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Archive for October, 2010

Last month there were a string of reported suicides by queer youth, and there were most definitely many more tragic suicides that weren’t deemed worthy of attention by the press.  In response to this, one of the campaigns to bring attention to this issue, and to help give hope to queer youth, was started by gay columnist Dan Savage and his partner Terry Miller.  The campaign, “It Gets Better” enlisted everyday people and celebrities, from the Episcopal Bishop Gene Robinson to a person such as Stephanie, to spread the message that suicide is not the answer, and that life gets better.

Over these past couple of weeks there have been a lot of conversations in my circle of friends around these suicides, some people haven’t been able to understand what would drive people to these drastic measures, others have revealed that this has been something they have struggled with as well; for many it has been a very emotional time.  When these discussions were happening, queer youth who hadn’t considered suicide said that a large part of the reason they didn’t was because of support groups–either family and friends, religious groups, or Gay Straight Alliances–not because they didn’t face bullying and hardship.

When GSA’s were brought up several of us reflected that our high schools never had organizations designed to give support to queer youth.  In my high school the principal flat-out refused to approve an organization that would perform that function, the school board passed a measure designed to censure plays with gay themes (deeming them obscene), and the nearby McLean Bible Church ran (and still runs) a program called Out of the Darkness designed to “[support and equip] those who want to overcome sexual promiscuity, addiction, sexual abuse, same-sex attraction and other forms of sexual brokenness.”

All of these measures led some of my friends to attempt suicide, it caused others to stay in the closet because they feared the environment they would encounter, others were just very discreet about who they revealed their orientation to, and a very few decided to be very flamboyant to draw attention to the fact that queer youth did exist in our school and community, no matter how hard authority figures tried to ignore that fact.  The time has come for these problems to end, high schools need support groups and safe zones, people need to realize that the words they use can and do hurt, and sometimes have dire consequences.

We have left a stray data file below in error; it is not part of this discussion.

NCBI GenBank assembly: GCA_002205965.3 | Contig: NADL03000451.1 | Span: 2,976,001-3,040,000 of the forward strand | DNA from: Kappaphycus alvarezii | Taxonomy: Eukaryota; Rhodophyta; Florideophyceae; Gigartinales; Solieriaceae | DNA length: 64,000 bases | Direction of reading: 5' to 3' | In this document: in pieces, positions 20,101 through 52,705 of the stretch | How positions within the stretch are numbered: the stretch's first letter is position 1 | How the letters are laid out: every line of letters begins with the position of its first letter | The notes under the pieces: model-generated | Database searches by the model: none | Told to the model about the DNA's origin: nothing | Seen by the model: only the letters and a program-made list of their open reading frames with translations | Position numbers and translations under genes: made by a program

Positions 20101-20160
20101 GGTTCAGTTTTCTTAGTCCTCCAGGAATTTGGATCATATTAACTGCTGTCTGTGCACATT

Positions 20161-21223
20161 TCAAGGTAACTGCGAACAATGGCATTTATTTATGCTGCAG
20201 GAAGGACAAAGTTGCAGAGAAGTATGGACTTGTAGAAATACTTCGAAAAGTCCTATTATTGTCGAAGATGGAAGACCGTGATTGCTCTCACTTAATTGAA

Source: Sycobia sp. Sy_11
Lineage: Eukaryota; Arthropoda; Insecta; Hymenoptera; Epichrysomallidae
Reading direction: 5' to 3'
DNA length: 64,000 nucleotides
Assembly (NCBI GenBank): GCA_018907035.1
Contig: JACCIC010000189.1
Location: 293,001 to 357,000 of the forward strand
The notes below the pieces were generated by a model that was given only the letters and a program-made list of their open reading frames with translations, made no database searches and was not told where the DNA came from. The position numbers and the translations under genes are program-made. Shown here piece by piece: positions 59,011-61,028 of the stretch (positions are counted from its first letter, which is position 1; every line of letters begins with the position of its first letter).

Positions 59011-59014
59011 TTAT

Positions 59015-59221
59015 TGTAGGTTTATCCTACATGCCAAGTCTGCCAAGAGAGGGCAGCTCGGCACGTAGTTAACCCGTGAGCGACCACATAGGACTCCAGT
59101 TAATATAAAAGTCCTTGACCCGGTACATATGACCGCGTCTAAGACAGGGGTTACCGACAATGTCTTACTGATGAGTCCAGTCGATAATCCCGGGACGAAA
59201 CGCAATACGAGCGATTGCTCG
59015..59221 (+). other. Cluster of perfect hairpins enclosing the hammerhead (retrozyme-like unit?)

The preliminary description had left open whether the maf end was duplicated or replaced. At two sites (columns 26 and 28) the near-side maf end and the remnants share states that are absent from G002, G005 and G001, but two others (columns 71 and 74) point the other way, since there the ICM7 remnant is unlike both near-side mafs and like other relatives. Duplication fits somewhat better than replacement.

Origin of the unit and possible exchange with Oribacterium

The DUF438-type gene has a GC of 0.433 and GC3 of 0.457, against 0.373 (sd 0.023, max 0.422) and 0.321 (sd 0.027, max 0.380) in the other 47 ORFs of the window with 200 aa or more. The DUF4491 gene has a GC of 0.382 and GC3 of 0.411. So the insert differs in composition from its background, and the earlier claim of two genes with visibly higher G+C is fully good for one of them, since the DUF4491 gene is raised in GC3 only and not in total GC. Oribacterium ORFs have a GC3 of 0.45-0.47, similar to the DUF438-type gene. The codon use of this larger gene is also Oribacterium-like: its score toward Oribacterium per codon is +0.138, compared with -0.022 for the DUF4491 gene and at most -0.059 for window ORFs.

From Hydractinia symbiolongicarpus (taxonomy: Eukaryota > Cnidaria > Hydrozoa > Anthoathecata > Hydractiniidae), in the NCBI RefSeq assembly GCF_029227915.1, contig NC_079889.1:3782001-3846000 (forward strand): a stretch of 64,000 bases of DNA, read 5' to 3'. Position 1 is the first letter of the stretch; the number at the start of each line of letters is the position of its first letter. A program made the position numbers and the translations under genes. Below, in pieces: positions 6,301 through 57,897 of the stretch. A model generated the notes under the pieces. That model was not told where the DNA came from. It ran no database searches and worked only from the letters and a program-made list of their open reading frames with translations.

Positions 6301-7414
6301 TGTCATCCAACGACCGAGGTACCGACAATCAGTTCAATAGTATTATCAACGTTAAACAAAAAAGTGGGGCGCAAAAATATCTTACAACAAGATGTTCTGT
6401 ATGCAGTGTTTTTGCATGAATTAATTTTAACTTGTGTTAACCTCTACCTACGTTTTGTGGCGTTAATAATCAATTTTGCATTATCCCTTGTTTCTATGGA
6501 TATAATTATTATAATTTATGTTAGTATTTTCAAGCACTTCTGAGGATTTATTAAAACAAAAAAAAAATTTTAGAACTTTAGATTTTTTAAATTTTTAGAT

So, even though this isn’t a youtube video, I still want to say, that it does get better.  It may still be hard at times, and sometimes life may throw a curve ball that throws you off balance; but it gets better.  Please take a look at the “Make It Better Project” to find resources and strategies to begin building positive change in our schools and communities.

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So, it’s October!  I am about a month away from departing for Cancun and I don’t know how I feel right now.  It is so weird to be a student, knowing that I am going to graduate this year, and also knowing that I am going to miss two weeks of class in order to participate in the international climate talks.  Sometimes I’ll be sitting in class, or at work, and realize that real life is happening.  When that happens I have to squelch a panic attack and remind myself that, really, real life has been happening for a while and I am just freaked out by the upcoming transition (and then I make a note in my planner to have a beer when I get home before I open my night’s reading).  Other nights, though, I feel like time is stretching on forever, and I am really, really happy with where I am right now.

Those moments, the ones where I am most content, help me achieve a slightly different perspective as to why I am going to Cancun.  The reason I am going, overall, is because I feel that climate change is much too big to be ignored; but there are two sides of that reason.  There is the side most similar to how I feel when I panic about real life–that side says that the world is slowly being washed down the shower drain and there is nothing to do but desperately try to plug the drain with whatever I can in order to make a difference, and that is useful.  Really, that attitude can be incredibly motivating and provide a real sense of urgency; but if I stay in that mindset too long then I get burnt out.  That is why I really enjoy those quiet moments, they help me realize that I am not the only person working on this.  Everyday there are more and more people waking up to the truth that we need to save our planet.

I was talking with my family recently, and if an outside observer were to read a description about our political beliefs (to be overly simplistic in descriptions: I am…really liberal, while my parents are moderate Republicans) and then see how we were all agreeing about the need to protect the environment they might scratch their heads.  But one thing preparing for COP 16 has really helped me come to realize is that the environment is not a Republican/Democrat issue, it is not conservative/republican, and it does not belong to any (or a lack of any) religion/spirituality–protecting our environment is a human issue.  We may all have different reasons for wanting to protect the  environment, and there are people who seriously don’t care at all; but we need to get passed the simplistic analysis about why someone would care about the environment and approach everyone with the acknowledgment that even if we disagree about specific frames or reasons, what we agree on is so much bigger because it is essentially an affirmation of each other’s intrinsic worth.

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